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The Queen won’t let 13 people sit down at a dinner table in case her GUESTS are superstitious, royal commentator claims (but she does believe in ghosts)
- Queen, 93, won’t let 13 people sit down at a dinner table royal commentator said
- Phil Dampier told reason isn’t because she’s superstitious, but in case guests are
- Revealed monarch believes in ghosts and has several lucky charms in handbag
The Queen ensures she never has 13 guests when she hosts a formal banquet at Buckingham Palace, a royal commentator has claimed.
Her Majesty, 93, is very particular when it comes to handing out invites, making sure she avoids the odd number just in case those on the exclusive list are superstitious.
‘She won’t let 13 people sit down at a dinner table, not because she is superstitious but in case guests are,’ Phil Dampier told Fabulous Digital.
However, while he pointed out she doesn’t associate the number 13 with being particularly unlucky, she does have other supernatural beliefs.
The Queen, 93, never has 13 guests when she hosts a banquet dinner in case those invited are superstitious, royal commentator Phil Dampier revealed. Pictured, the monarch at a State Banquet at Blackheads House British Royal visit to Tallinn in Estonia on 19th Oct 2006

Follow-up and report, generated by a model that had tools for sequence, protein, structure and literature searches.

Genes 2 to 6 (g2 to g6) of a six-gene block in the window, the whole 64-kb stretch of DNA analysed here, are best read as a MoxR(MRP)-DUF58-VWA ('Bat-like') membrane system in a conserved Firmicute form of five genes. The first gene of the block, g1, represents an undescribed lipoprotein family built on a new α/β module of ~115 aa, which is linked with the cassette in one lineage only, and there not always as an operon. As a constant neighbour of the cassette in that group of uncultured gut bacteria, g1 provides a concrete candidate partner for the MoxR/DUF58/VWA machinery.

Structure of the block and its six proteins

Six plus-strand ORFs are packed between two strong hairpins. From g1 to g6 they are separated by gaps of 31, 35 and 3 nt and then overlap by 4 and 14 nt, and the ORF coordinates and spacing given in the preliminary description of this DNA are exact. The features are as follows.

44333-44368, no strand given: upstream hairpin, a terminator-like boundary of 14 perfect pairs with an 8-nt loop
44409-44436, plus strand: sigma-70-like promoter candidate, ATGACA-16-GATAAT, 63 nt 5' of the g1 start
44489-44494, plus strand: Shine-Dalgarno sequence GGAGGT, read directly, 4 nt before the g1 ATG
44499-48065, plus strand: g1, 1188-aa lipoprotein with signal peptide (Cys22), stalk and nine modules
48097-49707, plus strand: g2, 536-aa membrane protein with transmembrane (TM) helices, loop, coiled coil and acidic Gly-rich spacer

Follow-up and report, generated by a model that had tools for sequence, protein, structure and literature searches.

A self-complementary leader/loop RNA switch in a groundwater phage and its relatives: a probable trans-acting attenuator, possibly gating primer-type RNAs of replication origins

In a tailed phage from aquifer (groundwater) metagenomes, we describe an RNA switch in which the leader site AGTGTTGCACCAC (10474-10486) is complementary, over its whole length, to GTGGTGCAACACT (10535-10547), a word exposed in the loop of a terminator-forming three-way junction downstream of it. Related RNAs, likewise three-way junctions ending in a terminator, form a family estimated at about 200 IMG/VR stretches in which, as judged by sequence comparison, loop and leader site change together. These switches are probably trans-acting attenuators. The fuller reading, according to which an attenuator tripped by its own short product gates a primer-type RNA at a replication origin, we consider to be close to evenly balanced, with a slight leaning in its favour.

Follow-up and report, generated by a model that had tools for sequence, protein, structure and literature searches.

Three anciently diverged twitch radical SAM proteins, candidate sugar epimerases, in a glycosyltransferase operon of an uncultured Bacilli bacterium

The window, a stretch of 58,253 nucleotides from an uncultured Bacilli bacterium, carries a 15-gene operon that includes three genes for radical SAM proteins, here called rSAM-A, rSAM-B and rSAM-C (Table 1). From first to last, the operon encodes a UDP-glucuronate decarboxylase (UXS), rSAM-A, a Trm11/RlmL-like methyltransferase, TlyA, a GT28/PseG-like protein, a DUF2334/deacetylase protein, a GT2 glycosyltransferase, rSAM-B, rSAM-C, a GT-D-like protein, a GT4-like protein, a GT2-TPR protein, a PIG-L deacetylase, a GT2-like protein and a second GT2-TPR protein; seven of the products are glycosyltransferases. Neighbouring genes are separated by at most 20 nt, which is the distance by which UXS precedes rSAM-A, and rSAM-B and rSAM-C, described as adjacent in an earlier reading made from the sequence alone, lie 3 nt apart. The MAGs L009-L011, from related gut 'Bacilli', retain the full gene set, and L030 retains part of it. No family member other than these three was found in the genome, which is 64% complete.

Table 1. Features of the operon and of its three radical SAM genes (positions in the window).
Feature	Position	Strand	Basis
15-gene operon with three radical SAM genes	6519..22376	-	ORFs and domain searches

The Queen overseeing the preparations of a State Banquet at Buckingham Palace (pictured)
‘She does believes in ghosts and has several lucky charms in her handbag,’ he added.
And while many would assume the perks of being the monarch is to have your food specially prepared, a documentary previously revealed how Her Majesty is served a plate at random during state dinners to avoid assassination attempts.
In secrets of the Royal Kitchens, which aired on Channel 5 back in September, royal correspondent Emily Andrews explained: ‘After everything is plated up, a page chooses at random one of the plates to be served to Her Majesty.
‘So if anyone did want to poison the monarch, they’d have to poison the whole lot.’
U.S. President Donald Trump and Queen Elizabeth II make a toast during a State Banquet at Buckingham Palace on June 3, 2019 in London (pictured)
It’s previously been revealed Her Majesty is served a plate at random during state dinners to avoid assassination attempts. Pictured, Buckingham Palace
The programme also revealed how The Queen oversees all the food served at the Palace by approving menus presented to her by the chefs.
Darren McGrady, who worked for the royal household for 15 years as chef to the Queen, explained Her Majesty is presented with suggestions for the next few days ahead.
‘The chef does three days’ menus and that gives us enough time to get all the produce in and prepare it,’ he said.
‘When the menu book goes up to the Queen she puts a line through all the dishes she doesn’t want.’
The Queen also decides of which ingredients are to be banned from the castle, or used sparingly.
Garlic, Darren added, is thus banned from the premises, and only a small dose of onions is tolerated.
The Queen smiles as she an her guest Nicolas Sarkozy, then president of France, sat next to the Duchess of Cornwall as they await their plates, during a state banquet at Windsor Castle in 2008
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